2. Methods

In this study, we analyzed scholarly articles published from 1980 through 2010 in eleven leading gerontology journals with content areas that focus on research and/or policy pertaining to older adults. In a preliminary analysis, we examined a broad array of terms that capture the concept of aging in place. These included aging/ageing in place, aging/ageing at home, naturally occurring retirement community(s), elder friendly community(s), aging in the community, home independence, and staying put. For the terms that yielded less than 20 manuscripts within our 1980–2010 timeframe, we excluded these terms from our final search list. This left 3 critical search terms: aging/ageing in place, aging/ageing at home, and naturally occurring retirement community(s). Given that our interest was in examining trends in aging in place, we operationalized our definition of aging in place search items to include only the most commonly used terms. This approach results in a more conservative estimate of documenting trends in aging in place; nevertheless, given the minimal number of manuscripts that utilized the alternate terms pertaining to aging in place, this criteria should not substantially bias our results.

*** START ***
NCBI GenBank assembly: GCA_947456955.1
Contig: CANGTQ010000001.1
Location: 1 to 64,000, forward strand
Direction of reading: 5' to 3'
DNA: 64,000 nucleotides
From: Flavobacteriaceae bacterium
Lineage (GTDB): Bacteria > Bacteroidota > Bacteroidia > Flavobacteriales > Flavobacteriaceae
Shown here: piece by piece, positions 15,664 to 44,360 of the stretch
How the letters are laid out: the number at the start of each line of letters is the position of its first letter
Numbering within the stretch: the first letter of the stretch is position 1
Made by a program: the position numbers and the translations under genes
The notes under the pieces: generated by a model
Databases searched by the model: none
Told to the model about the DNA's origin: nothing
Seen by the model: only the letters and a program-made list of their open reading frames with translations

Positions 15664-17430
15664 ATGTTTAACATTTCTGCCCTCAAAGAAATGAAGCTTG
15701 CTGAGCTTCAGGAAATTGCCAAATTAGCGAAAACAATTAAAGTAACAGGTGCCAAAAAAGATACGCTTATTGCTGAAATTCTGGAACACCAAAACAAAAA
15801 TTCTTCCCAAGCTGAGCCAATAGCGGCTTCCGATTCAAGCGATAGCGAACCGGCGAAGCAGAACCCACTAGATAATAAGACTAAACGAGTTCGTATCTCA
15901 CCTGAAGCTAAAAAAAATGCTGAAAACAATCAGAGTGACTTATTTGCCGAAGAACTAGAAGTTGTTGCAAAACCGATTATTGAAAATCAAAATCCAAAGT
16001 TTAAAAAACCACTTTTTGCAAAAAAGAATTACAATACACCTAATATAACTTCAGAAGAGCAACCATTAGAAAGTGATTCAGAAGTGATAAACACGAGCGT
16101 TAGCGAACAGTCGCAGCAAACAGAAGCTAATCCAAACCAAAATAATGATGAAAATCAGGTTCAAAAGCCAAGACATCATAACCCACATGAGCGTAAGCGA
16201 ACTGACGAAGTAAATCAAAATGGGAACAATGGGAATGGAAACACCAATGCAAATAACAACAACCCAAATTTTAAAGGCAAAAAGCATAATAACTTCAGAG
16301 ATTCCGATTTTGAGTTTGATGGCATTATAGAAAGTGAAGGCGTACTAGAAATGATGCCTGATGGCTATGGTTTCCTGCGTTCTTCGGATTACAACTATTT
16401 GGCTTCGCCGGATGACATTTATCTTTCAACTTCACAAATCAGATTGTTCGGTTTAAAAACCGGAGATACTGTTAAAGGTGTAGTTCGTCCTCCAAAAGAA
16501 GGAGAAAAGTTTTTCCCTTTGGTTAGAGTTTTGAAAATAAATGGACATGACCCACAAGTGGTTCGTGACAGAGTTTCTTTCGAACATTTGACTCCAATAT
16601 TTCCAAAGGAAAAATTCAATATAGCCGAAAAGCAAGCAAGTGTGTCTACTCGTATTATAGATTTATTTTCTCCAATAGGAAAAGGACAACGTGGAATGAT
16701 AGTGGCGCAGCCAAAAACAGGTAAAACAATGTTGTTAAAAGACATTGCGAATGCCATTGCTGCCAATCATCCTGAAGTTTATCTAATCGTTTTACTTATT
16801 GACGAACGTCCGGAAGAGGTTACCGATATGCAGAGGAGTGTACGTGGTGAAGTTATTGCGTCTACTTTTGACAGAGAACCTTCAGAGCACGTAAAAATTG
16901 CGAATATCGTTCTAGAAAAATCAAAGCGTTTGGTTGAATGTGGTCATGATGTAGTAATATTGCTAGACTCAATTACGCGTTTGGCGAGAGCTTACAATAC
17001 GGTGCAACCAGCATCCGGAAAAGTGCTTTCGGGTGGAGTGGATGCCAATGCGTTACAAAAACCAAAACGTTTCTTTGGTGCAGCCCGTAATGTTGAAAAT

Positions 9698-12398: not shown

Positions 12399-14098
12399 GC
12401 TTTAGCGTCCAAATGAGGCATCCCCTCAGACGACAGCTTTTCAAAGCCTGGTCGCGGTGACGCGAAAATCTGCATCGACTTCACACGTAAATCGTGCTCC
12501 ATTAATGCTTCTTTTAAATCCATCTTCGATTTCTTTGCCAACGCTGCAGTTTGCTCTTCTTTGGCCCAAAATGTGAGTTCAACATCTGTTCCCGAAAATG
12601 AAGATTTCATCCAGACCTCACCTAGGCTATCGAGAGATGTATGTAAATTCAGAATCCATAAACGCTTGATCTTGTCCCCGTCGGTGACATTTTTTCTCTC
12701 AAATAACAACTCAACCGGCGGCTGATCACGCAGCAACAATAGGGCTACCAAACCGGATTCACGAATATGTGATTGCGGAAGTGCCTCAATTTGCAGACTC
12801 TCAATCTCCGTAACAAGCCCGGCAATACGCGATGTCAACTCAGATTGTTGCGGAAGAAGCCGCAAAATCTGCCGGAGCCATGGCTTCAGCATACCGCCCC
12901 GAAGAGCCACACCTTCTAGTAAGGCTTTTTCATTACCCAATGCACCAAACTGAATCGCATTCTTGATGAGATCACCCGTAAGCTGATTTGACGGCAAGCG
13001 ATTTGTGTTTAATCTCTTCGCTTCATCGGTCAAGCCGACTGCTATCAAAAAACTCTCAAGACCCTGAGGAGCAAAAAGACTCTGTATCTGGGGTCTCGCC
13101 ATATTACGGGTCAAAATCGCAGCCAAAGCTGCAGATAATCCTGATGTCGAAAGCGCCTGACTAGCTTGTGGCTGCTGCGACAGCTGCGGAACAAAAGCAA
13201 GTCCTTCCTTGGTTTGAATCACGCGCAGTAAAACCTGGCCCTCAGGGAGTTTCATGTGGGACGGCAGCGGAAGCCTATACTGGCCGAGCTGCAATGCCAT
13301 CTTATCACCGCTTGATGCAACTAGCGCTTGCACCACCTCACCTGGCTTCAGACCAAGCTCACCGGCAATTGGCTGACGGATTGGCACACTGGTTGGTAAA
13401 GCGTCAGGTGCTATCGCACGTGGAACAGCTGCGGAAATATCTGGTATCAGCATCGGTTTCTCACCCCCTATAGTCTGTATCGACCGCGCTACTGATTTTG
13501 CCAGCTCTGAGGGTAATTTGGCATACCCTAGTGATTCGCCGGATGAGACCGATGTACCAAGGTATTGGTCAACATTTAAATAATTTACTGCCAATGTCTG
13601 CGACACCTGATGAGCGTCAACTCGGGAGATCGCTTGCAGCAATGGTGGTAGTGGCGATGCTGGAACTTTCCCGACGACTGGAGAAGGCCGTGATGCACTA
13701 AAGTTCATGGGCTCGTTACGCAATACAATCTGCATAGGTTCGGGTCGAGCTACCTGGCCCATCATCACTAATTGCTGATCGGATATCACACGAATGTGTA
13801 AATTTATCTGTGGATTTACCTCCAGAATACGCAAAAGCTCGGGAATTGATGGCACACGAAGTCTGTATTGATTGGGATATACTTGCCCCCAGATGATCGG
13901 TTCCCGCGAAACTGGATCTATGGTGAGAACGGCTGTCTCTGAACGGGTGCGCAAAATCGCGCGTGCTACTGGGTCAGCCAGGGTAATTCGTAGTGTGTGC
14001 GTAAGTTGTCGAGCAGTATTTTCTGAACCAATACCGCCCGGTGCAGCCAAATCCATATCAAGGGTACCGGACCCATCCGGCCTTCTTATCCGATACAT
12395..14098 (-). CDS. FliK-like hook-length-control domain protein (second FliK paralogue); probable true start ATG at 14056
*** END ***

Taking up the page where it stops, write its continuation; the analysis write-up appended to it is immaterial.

Journals were chosen based on the frequency of appearance of the 3 critical terms and their variations (aging/ageing in place, aging/ageing at home, and naturally occurring retirement community(s)) in a preliminary search using Google Scholar. If terms appeared in each journal 20 or more times during the 30-year period of interest, we included the journal in our main analysis. These journals included Ageing & Society; Ageing International; Generations; The Gerontologist; Journal of Aging and Social Policy; Journal of Applied Gerontology; Journal of Gerontological Social Work; Journal of Gerontology; Journals of Gerontology Series B: Psychological Sciences and Social Sciences; Journal of Housing for the Elderly; Research on Aging. Next, the sum total of all articles for each journal and a grand total number of articles were calculated. These totals were used to compute the proportion of articles dedicated to the topic of aging in place over time. Retrieved articles were excluded from analyses if their contents were book or audiovisual reviews, conference abstracts, or editorials. Finally, we used the advanced search option on each journal’s official website, where possible, to identify articles containing any of the three exact phrases and their variations in titles, abstracts, key words, or in the bodies of articles—articles were not counted in this step if key terms appeared only in the bibliographies of papers. For journal websites without this advanced search option, the advanced search option under Google Scholar was used for searching within the specific journal. A similar approach was used by Carr and colleagues [7] in their review of arts and aging research.